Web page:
First Reading
19th Sunday of Ordinary Time 1 Kings 19:9a, 11-13a

At the mountain of God, Horeb, Elijah came to a cave where he took shelter. Then the Lord said to him, “Go outside and stand on the mountain before the Lord; the Lord will be passing by.” A strong and heavy wind was rending the mountains and crushing rocks before the Lord-but the Lord was not in the wind. After the wind there was an earthquake-but the Lord was not in the earthquake. After the earthquake there was fire-but the Lord was not in the fire. After the fire there was a tiny whispering sound. When he heard this, Elijah hid his face in his cloak and went and stood at the entrance of the cave.

Second Reading
Romans 9:1-5

Brothers and sisters: I speak the truth in Christ, I do not lie; my conscience joins with the Holy Spirit in bearing me witness that I have great sorrow and constant anguish in my heart. For I could wish that I myself were accursed and cut off from Christ for the sake of my own people, my kindred according to the flesh. They are Israelites; theirs the adoption, the glory, the covenants, the giving of the law, the worship, and the promises; theirs the patriarchs, and from them, according to the flesh, is the Christ, who is over all, God blessed forever. Amen.

Gospel Cycle Cycle A
Matthew 14:22-33

After he had fed the people, Jesus made the disciples get into a boat and precede him to the other side, while he dismissed the crowds. After doing so, he went up on the mountain by himself to pray. When it was evening he was there alone. Meanwhile the boat, already a few miles offshore, was being tossed about by the waves, for the wind was against it. During the fourth watch of the night, he came toward them walking on the sea. When the disciples saw him walking on the sea they were terrified. “It is a ghost,” they said, and they cried out in fear. At once Jesus spoke to them, “Take courage, it is I; do not be afraid.” Peter said to him in reply, “Lord, if it is you, command me to come to you on the water.” He said, “Come.” Peter got out of the boat and began to walk on the water toward Jesus. But when he saw how strong the wind was he became frightened; and, beginning to sink, he cried out, “Lord, save me!” Immediately Jesus stretched out his hand and caught Peter, and said to him, “O you of little faith, why did you doubt?” After they got into the boat, the wind died down. Those who were in the boat did him homage, saying, “Truly, you are the Son of God.”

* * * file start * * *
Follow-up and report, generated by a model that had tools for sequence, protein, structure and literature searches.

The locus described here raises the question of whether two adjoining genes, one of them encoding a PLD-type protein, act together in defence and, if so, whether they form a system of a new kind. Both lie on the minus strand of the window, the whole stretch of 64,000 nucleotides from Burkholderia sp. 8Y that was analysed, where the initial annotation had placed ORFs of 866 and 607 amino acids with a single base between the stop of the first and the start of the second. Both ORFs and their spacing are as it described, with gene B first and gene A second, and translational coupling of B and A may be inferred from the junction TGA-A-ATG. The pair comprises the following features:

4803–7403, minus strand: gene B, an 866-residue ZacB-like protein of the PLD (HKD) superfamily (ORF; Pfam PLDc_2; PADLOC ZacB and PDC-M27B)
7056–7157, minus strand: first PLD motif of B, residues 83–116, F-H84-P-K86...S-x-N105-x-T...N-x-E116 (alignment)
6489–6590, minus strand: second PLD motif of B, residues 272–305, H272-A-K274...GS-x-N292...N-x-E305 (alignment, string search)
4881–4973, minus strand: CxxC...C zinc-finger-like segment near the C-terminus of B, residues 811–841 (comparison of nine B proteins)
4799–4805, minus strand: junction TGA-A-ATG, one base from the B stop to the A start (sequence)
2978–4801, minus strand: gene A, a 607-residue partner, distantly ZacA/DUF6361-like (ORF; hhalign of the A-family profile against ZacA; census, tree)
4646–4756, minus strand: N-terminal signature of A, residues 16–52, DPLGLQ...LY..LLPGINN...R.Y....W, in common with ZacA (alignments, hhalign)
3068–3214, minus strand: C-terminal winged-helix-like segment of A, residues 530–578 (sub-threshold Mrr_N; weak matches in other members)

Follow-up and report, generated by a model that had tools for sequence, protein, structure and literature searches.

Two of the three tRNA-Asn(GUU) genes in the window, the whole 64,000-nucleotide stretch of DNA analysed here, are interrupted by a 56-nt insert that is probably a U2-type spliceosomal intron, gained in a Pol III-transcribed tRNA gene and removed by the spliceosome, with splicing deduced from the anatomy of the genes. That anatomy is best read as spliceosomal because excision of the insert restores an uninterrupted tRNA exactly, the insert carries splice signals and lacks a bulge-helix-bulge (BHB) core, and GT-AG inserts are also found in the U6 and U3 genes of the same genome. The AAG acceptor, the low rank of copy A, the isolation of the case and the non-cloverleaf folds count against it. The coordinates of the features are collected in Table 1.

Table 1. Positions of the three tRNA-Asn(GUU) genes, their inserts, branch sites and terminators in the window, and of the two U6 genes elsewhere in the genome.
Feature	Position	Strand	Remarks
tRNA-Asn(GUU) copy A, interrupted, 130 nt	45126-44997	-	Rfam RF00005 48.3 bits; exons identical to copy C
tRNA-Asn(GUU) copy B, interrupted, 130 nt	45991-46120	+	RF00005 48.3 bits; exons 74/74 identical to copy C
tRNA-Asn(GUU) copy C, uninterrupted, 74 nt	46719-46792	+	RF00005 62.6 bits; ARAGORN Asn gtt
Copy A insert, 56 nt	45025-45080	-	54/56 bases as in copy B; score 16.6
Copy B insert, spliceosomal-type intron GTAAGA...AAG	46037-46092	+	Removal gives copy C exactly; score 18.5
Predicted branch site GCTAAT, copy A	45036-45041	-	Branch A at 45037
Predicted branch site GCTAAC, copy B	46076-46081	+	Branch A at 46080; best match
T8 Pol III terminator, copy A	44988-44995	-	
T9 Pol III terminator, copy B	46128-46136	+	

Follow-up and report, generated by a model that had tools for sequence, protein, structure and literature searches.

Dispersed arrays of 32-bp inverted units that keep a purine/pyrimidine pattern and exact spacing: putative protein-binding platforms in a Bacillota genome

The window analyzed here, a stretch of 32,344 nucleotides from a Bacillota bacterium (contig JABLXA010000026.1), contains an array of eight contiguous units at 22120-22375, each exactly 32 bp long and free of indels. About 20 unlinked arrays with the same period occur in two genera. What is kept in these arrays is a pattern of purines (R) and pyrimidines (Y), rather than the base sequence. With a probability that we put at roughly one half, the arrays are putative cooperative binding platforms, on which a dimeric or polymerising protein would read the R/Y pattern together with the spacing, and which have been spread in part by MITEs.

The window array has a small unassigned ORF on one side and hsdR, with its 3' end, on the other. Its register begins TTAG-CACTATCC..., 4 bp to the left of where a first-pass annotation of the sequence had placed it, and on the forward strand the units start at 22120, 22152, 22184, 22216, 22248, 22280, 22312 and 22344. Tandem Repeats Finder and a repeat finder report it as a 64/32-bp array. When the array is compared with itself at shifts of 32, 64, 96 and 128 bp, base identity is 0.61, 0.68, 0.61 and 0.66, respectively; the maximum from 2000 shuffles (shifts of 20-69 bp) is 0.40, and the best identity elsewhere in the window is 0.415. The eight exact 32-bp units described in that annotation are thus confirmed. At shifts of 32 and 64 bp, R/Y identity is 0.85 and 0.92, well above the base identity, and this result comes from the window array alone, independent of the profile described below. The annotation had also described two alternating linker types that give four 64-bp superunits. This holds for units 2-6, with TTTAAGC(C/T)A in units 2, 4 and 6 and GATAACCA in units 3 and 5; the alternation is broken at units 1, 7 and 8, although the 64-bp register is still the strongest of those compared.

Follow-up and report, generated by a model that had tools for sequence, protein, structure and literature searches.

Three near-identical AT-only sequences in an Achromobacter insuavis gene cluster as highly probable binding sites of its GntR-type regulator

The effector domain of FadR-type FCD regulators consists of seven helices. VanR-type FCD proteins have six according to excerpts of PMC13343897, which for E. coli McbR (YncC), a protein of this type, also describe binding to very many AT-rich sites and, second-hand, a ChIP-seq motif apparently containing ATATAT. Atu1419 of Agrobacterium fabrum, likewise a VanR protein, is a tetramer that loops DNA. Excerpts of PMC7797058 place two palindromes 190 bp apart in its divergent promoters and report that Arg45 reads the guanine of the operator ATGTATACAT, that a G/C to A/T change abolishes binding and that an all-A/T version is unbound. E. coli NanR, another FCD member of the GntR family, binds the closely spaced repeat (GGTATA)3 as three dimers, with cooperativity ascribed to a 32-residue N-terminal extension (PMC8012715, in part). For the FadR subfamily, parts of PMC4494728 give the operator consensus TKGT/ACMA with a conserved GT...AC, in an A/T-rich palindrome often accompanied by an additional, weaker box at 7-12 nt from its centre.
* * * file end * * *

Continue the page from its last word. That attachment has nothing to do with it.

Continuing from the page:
What do you do when there are storms in your life? Where do you go? What do you do? Where do you find God?

These questions help us understand the readings today. The first reading, from the First Book of Kings, tells us about the Prophet Elijah and his quest for God. This is not only someone who has recently suffered a lot in his personal life; it is someone who has suffered trying to serve the Lord God.

Most of us who hear homilies or read them are people are trying to serve the Lord. We know that sometimes all we can do is try! There is no way in which we can claim to have given our lives over 100% to God and to His holy will—even though we may have that desire very deep within us. The real test is always when storms come into our lives: what do we do and how do we do it?

Elijah the Prophet had finally to realize that God is always present and that he can listen to God when he is still and quiet. Storms often distract us. Often in storms we are only seeking to find a place of safety, rather than seeing the presence of the living God in what is happening around us.

The disciples in the Gospel from of Saint Matthew which we have heard today do not pay attention to their faith but react only to the human danger around them. Is that not just the same thing that we do all too often? Our hearts don’t just automatically turn to God in every challenging situation. Instead, we must turn our hearts to the Lord.

We can think of Saint Paul in the second reading, especially when he is willing die for his own people. Are we ready to die? Are we ready to give our lives for others?

Today we are invited to learn to be still in every situation, no matter what storms are happening around us. We are invited in that stillness to turn to the Lord and to call on His holy name! We say that we believe in God, so let us practice that belief each day. We practice by living in our daily lives the actions which express the beliefs about which we can talk so easily: love, joy, peace, patience, etc.

Let us give thanks to the God who has called us out of darkness into His wonderful light. May we all come to know the divine and healing presence of the Lord.